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What Are The Different Brands of Botox?

Kleenex. Hoover. Thermos. What do these all have in common with Botox?

They’re all brand names for different products which became commonly used for other similar products over time. Much like we call any paper tissue a Kleenex now, the same thing happens in the world of Botox!

Botox is actually a brand name for one particular type of the compound used in these injections (collectively known as neuromodulators). There are seven main other forms, based on the same chemical structure, but with different names. There is just so much to know about Botox! Today we’ll talk about some of the different “brands of Botox” – not just Botox itself, but also Dysport, Nuceiva, and Xeomin.


Types of Botox Injections


The grandfather of all the other entries on this list, Botox is the original trademarked compound. Research into its cosmetic and medical effects began in the 1980s, and thanks to this long history, it has the most data to support its effects out of any neuromodulator.

It has the biggest body of literature and studies, and since trials began several decades ago, it has been approved for both cosmetic purposes and many medical conditions like hyperhidrosis, migraines, and temporomandibular jaw disorders. In fact, it has a longer list of condition treatments than any of the other variants, and it can even be prescribed for use in children. This is because the side effects are very well known by now.

One of the downsides of Botox is that it is often described by patients as “heavy”. It is a heavy molecule which can travel relatively far after it has been absorbed, so it’s not the best choice for high-risk areas. Some other brands have smaller molecules, which are absorbed more quickly, work faster, and travel less distance – and feel “lighter” overall. 



One of those lighter molecules is found in the brand Dysport, which was one of the first variations of the original research on the botulinum toxin. After some difficulties with patents and rights management, a researcher for the original Botox brand continued working with a different form of the natural toxin and found success in treating some muscle disorders. Trials were successful, and Dysport became a hit in Europe and eventually North America as well. 

Since this brand is newer, it doesn’t have quite as much supporting literature or full studies of its effects and complications. However, the studies that do exist show this to be a light and relatively fast-acting form of the compound, which is absorbed rather quickly compared to the original form (usually within 48-72 hours).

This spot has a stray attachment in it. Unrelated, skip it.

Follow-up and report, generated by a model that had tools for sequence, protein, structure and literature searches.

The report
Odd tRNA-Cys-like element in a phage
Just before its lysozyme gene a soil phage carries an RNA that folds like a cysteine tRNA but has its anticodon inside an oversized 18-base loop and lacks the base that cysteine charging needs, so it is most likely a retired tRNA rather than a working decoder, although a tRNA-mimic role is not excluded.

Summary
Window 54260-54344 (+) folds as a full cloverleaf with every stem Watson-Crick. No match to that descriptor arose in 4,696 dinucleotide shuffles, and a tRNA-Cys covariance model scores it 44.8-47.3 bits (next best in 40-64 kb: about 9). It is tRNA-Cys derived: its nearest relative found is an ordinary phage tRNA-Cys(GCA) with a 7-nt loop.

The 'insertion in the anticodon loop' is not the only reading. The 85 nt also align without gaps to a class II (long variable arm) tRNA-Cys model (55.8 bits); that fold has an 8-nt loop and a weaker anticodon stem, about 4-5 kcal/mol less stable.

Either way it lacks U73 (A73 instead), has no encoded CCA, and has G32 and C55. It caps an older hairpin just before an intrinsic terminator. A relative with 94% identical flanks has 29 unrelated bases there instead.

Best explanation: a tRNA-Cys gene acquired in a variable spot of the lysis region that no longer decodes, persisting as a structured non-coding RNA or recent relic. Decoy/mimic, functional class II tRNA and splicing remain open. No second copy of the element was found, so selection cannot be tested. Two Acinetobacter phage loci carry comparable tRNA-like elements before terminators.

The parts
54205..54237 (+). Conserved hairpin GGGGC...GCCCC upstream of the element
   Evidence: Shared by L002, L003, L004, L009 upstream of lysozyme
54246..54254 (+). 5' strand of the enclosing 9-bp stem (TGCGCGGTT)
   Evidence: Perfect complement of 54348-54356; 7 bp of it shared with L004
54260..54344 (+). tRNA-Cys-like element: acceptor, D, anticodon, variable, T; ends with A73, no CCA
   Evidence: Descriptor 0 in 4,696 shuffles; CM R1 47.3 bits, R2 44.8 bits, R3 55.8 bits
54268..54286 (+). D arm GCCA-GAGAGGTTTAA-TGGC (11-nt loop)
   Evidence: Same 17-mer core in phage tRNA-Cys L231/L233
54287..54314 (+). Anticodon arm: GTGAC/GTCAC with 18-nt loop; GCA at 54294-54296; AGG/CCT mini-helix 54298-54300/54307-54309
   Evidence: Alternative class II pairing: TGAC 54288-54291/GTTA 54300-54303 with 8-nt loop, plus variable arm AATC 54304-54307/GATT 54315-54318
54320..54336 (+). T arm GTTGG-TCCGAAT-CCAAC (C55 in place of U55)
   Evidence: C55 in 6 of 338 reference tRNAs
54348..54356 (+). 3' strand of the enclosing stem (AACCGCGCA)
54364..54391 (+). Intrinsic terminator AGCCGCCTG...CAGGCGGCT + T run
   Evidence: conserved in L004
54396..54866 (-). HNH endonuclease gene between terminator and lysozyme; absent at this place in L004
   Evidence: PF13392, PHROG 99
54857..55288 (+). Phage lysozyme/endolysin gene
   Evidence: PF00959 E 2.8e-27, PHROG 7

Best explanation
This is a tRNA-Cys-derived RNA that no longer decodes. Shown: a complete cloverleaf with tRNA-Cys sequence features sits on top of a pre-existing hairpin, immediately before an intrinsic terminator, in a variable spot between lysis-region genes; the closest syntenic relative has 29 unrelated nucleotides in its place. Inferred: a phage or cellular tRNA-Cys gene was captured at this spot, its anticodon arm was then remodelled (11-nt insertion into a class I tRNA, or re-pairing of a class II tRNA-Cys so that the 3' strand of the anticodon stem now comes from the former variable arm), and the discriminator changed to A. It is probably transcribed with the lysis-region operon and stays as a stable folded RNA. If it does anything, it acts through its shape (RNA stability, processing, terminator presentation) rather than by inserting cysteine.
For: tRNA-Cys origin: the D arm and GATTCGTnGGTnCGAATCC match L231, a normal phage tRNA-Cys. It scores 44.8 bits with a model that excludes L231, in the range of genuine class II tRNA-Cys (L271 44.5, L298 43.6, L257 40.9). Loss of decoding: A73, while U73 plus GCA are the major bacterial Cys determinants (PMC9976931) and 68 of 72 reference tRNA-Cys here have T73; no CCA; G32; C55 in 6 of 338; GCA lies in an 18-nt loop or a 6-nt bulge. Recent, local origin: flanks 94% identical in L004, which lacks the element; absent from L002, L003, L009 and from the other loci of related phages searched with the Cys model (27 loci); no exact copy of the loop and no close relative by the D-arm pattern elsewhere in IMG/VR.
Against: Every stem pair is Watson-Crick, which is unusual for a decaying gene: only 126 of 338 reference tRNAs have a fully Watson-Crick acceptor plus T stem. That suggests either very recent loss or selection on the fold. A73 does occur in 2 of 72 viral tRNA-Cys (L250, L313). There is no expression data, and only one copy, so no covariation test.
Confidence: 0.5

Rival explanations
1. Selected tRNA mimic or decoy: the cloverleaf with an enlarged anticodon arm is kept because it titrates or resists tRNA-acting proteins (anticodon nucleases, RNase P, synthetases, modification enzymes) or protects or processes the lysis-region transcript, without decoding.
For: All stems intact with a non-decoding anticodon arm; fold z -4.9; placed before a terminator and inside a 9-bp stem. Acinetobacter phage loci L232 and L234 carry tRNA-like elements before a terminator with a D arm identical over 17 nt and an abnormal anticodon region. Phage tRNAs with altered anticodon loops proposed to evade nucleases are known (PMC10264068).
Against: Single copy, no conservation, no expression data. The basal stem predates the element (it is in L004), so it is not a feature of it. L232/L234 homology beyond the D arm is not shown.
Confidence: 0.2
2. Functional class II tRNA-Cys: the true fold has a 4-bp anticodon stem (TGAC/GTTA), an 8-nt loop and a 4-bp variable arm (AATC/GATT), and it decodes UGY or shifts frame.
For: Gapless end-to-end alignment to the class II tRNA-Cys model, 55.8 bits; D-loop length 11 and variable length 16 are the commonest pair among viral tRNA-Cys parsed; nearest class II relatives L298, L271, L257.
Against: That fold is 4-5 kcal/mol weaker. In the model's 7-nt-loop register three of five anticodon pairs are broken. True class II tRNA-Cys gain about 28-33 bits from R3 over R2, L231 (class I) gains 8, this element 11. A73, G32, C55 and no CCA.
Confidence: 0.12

Nuceiva, also known by the name Jeuveau in the USA, is another less common (but still widely used) version of the botulinum toxin. It is among the newest on the market – it was only approved for use by Health Canada in the fall of 2019 – but even in that short time, it has made a mark on the industry.

Nuceiva is also a “light” molecule, and as such it can act very quickly after injection (usually around two days). It is used exclusively for cosmetic purposes, such as reducing wrinkles and fine lines on the forehead – it’s not a brand that would be used to treat migraines or muscle disorders. If you have very small, localized trouble spots that need a bit of cosmetic TLC, Nuceiva might be a good choice for you.



The last type of neuromodulator to cover is Xeomin. This is a highly precise and stable form, which stays within a dime-sized area of the injection site (for reference, Botox stays in an area about the size of a quarter, and Dysport a nickel).

This brand also has a unique advantage: it doesn’t trigger the same antibody response that the other brands will. Let’s say you’ve been getting Botox injections for 20 years, always using 100 units. In that span, your body would improve its recognition and metabolism of the injected material, sending antibodies faster in response. This means you will have to use more and more units to treat those same areas.

Xeomin has been created in such a way that your body’s defenses won’t automatically go on high alert – meaning you can use a lower dose of it, even if you have a prior tolerance to Botox, Dysport, or Nuceiva (which are all similar enough to share the same antibody response). 

Compared to the other brands, Xeomin has a slower response time of 3-4 days for full effect. It is often used for medical treatment of muscle disorders.


Botox Injections in Calgary

Choosing to get Botox – or a similar treatment – for cosmetic or medical purposes can be a big decision. If you’re curious about giving this proven and effective method a try, contact us to make an appointment to talk about your different options. We’re conveniently located just south of downtown Calgary, on 4th St SW in the Mission/Cliff Bungalow neighbourhood. We look forward to meeting you!


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